The tourists have returned since 2013 or so, but property prices haven’t recovered significantly as of 2019 , which makes for fantastic potential rental yields.

Main industries are, naturally, mainly tourism – but also academic education and retail  –
a robust, mainly white collar economy, with the only disadvantage being much longer vacancies on average – since the relatively harsh winters mean that very few tenants change their residence between the months of September and March.

Sapporo House – 6 Rooms – 3.8 mil JPY (app. 34,000 USD)

Sapporo House Single Family Home SFH Exterior Layout Floorplan

As mentioned above, prices in Sapporo are phenomenally low. The house in question, built in 1973 , has 5 bedrooms, a living room, large kitchen/dining area, and takes up 125 square meters of a roughly 193 square meter land plot.

It has beem well-maintained and renovated throughout the years, and while it isn’t within walking distance to a nearby train or subway station, it comes with a carpark, like many houses in Japan – which means that anyone renting it is far less concerned with public transport accessibility.

Single mother + 3 children in residence for the past 7 years – no payment or other issues to date, paying approximately 360 USD per month, for an annual net pre-tax yield of about 10.6%

Advantages

• Obviously, the cost and yield are phenomenal – no further explanation necessary

• As mentioned above, a family tenant, who, with any luck, may stay in the property for life, or at least for a good few decades

• The house appears to be in good shape, at least as far as visible items are concerned. The exterior and roof have been well maintained and do not require any maintenance in the
foreseeable future

• Quiet and popular residential area

Disadvantages

• The age of the structure would dictate more maintenance and renovations overall, during the property s life cycle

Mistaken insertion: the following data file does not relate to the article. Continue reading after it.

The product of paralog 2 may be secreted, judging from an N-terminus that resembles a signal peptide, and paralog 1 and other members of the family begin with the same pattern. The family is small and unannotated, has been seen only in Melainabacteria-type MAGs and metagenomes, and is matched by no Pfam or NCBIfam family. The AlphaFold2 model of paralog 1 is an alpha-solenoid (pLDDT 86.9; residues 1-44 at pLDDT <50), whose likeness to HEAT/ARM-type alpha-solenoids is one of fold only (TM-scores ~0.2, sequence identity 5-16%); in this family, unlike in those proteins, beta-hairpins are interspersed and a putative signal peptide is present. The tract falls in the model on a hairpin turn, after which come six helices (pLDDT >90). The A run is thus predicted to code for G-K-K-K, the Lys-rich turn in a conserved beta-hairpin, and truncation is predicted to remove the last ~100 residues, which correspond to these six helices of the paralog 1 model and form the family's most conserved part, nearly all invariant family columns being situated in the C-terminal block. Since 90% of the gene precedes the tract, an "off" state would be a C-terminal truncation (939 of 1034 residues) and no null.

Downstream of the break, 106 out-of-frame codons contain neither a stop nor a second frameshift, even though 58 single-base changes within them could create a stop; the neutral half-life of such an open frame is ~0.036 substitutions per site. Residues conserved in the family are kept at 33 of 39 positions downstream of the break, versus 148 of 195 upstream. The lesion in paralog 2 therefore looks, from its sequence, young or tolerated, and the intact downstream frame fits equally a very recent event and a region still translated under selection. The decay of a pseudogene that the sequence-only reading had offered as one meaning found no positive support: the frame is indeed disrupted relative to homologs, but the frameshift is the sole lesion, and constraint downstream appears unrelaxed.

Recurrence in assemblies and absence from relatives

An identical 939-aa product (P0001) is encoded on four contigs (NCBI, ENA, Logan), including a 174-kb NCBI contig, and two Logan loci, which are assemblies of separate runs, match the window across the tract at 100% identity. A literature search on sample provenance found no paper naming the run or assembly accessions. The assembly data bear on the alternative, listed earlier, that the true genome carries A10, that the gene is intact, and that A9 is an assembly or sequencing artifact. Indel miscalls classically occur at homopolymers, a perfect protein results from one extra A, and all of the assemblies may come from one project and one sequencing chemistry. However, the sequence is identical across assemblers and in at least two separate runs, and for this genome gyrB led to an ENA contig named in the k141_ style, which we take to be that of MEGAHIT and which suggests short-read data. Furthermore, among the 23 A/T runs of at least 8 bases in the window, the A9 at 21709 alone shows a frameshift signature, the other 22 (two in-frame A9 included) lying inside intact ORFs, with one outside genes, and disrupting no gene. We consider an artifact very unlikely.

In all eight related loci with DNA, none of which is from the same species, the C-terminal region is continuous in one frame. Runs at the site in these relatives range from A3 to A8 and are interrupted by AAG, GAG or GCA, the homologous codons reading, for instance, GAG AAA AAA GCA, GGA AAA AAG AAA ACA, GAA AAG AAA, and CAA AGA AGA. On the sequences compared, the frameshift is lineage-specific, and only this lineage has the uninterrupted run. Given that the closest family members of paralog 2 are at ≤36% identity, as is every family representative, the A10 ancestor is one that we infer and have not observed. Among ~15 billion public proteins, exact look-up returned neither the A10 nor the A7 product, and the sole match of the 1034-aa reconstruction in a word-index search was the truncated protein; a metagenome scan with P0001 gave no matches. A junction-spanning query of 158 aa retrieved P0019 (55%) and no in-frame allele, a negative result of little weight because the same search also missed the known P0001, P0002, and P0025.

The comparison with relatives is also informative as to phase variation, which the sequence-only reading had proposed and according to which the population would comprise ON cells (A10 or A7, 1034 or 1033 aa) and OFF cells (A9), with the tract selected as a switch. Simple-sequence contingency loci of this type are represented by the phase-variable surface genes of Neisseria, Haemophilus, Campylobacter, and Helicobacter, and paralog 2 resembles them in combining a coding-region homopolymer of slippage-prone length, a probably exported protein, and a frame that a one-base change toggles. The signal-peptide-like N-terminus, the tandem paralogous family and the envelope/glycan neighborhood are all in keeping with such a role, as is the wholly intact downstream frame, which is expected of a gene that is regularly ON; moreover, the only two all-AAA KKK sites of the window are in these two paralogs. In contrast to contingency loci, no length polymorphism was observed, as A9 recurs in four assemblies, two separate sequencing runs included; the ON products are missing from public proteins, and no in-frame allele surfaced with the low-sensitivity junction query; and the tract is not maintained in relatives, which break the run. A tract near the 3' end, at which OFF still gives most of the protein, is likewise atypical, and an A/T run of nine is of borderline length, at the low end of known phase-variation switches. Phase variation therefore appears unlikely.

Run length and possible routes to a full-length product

• All of the general disadvantages mentioned above, inherent in the purchase of a stand alone house, as opposed to a unit in a co owned building.

• The previous owner of the property has been taking care of snow clearing from the roof and surroundings of the house during the winter months an added expense of approximately 300 USD, or slightly less than one month rental income
annually.

Deal Analysis & Summary

In this particular case, the buyer, an asset & portfolio management company based in Hong Kong, has intentionally targeted houses, as opposed to individual units or small buildings as they preferred to focus on the advantages inherent in owning an entire land parcel, as specified above and also due to the lower demolition and removal costs  projected for future re-development purposes (far lower for small wooden structures, as opposed to metal framed or reinforced concrete builds).

Due to this preference, they have already considered and accepted the vast majority of existing and potential disadvantages listed above and so, it was only a matter of finding the appropriate property that would satisfy their budget and yield requirements.

The additional expense of the snow-clearing “perk” provided to the current tenant, easily factored into annual projections, while reducing overall yields, also provides for a satisfied and loyal tenant, which further increases the stability of the investment at the time of purchase all in all – making for an easy deal to approve from their perspective.